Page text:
The man who wants to be a watchdog wears blue tint shades, rubber waders and a ballcap that says "Riverkeeper."
Cyrus Buffum picks through debris on the waterline in Charleston Harbor — twisted fishing lines, broken beer bottles. He grunts to himself and kicks at the sharp edge of an old pipe sticking up. He's spent 20-30 hours per week for the past eight months singlehandedly laying the groundwork to become a Charleston Waterkeeper, the estuary's equivalent of a protector roaming in a boat looking for polluters, dumpers and anybody else who's dirtying the water.
He might soon get a badge.
The Waterkeeper Alliance meets in September to decide whether to approve Buffum as one of more than 120 independent watch groups on waterways across the world, a network that includes the Waccamaw and Catawba groups in South Carolina. That would give him the credential to form a nonprofit foundation and get down to business.
"It's a lot of work to put a non-profit in place. He's put the pieces together," said Dean Naujoks, former Neuse Riverkeeper in North Carolina, who will recommend Buffum to the alliance board and who is one of the members who will vote.
"Quite honestly I think the most important thing he has is his passion and commitment to make this work."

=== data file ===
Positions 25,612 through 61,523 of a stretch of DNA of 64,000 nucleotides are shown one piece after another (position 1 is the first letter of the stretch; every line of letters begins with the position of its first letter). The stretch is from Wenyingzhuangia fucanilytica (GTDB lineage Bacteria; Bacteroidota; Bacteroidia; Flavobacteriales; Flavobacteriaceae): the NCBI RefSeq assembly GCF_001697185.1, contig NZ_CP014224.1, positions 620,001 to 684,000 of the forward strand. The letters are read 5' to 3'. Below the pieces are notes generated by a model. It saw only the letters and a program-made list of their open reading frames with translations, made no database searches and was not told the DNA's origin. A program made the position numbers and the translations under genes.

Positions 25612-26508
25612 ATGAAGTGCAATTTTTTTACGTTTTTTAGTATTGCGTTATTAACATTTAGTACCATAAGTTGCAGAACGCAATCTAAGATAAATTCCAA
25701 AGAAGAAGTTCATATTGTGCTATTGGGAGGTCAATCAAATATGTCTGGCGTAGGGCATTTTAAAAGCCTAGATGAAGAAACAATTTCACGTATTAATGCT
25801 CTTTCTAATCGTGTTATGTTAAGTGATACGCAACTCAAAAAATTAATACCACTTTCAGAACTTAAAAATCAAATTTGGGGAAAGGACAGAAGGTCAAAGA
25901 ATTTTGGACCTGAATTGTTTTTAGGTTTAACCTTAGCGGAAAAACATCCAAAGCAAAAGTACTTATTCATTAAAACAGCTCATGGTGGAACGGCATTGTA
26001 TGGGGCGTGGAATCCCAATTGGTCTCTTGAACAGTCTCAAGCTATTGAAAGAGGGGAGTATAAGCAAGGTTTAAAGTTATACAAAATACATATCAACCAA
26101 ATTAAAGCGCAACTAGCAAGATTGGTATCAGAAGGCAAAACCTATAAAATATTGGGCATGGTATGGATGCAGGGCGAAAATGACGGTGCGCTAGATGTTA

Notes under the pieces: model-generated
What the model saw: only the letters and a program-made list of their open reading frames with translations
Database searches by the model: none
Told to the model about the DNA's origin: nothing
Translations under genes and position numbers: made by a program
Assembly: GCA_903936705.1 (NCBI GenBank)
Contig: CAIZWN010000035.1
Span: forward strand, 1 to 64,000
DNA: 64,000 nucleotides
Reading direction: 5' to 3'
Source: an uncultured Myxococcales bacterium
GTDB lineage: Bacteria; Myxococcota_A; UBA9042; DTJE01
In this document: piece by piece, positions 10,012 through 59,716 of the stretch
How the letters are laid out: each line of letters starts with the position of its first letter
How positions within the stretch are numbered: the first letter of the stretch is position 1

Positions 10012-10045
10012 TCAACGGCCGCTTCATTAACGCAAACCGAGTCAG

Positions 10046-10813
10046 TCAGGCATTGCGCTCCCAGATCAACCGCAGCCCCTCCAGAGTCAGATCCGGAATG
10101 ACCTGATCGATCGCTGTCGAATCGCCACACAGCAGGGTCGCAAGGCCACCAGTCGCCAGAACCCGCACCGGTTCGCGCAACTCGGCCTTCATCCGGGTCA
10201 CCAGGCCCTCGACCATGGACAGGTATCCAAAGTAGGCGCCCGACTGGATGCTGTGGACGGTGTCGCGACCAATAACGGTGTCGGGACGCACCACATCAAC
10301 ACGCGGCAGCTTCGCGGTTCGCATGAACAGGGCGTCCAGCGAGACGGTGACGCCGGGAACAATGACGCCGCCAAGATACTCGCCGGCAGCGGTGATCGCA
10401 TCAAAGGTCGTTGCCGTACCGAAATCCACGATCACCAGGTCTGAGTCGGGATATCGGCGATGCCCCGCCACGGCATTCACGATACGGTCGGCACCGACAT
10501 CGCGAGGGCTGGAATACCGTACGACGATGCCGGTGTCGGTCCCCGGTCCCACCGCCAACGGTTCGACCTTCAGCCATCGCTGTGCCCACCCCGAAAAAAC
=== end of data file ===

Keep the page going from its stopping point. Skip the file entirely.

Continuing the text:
Buffum could fill what Nancy Vinson of the Coastal Conservation League called the gap in protecting Lowcountry water quality - eyes, ears and a nose on the water day and night, looking for problems and dealing with them.
To do it Buffum will have to ratchet up community involvement, recruit research and legal expertise and raise an estimated $100,000 to operate the first year. Oh, and buy a boat.
Buffum is 24 years old, a College of Charleston graduate with a physics degree and is a sailing teacher. What makes him think he can pull this off? He laughs a little at himself. Then he begins to talk a stream.
"I guess idealism, that youthful idealism that's still burning very hot," he said. "Just the responses I've gotten so far. The reality of it is there are so many entities invested in the water here. If you can't get the troops mobilized to protect our water quality, something is wrong."
Water and river keeper organizations are "that voice for the river," Naujoks said, guardians of and goaders for water quality. The alliance formed from a grassroots effort on the Hudson River in the 1980s. Pushed by keeper groups, New York, Georgia and California have taken unprecedented legal actions against polluters.
One of the first programs Buffum hopes to launch is a local version of "Muddy Waters," recruiting volunteers to watch for violations of construction and stormwater runoff.
Naujoks thinks Buffum can pull it off. Naujoks did it himself, launching a program whose watch on the eastern North Carolina river has helped re-write environmental laws in the state.
"People really care," he said, "once they are aware that there's really nobody out there making sure these polluters are held accountable."
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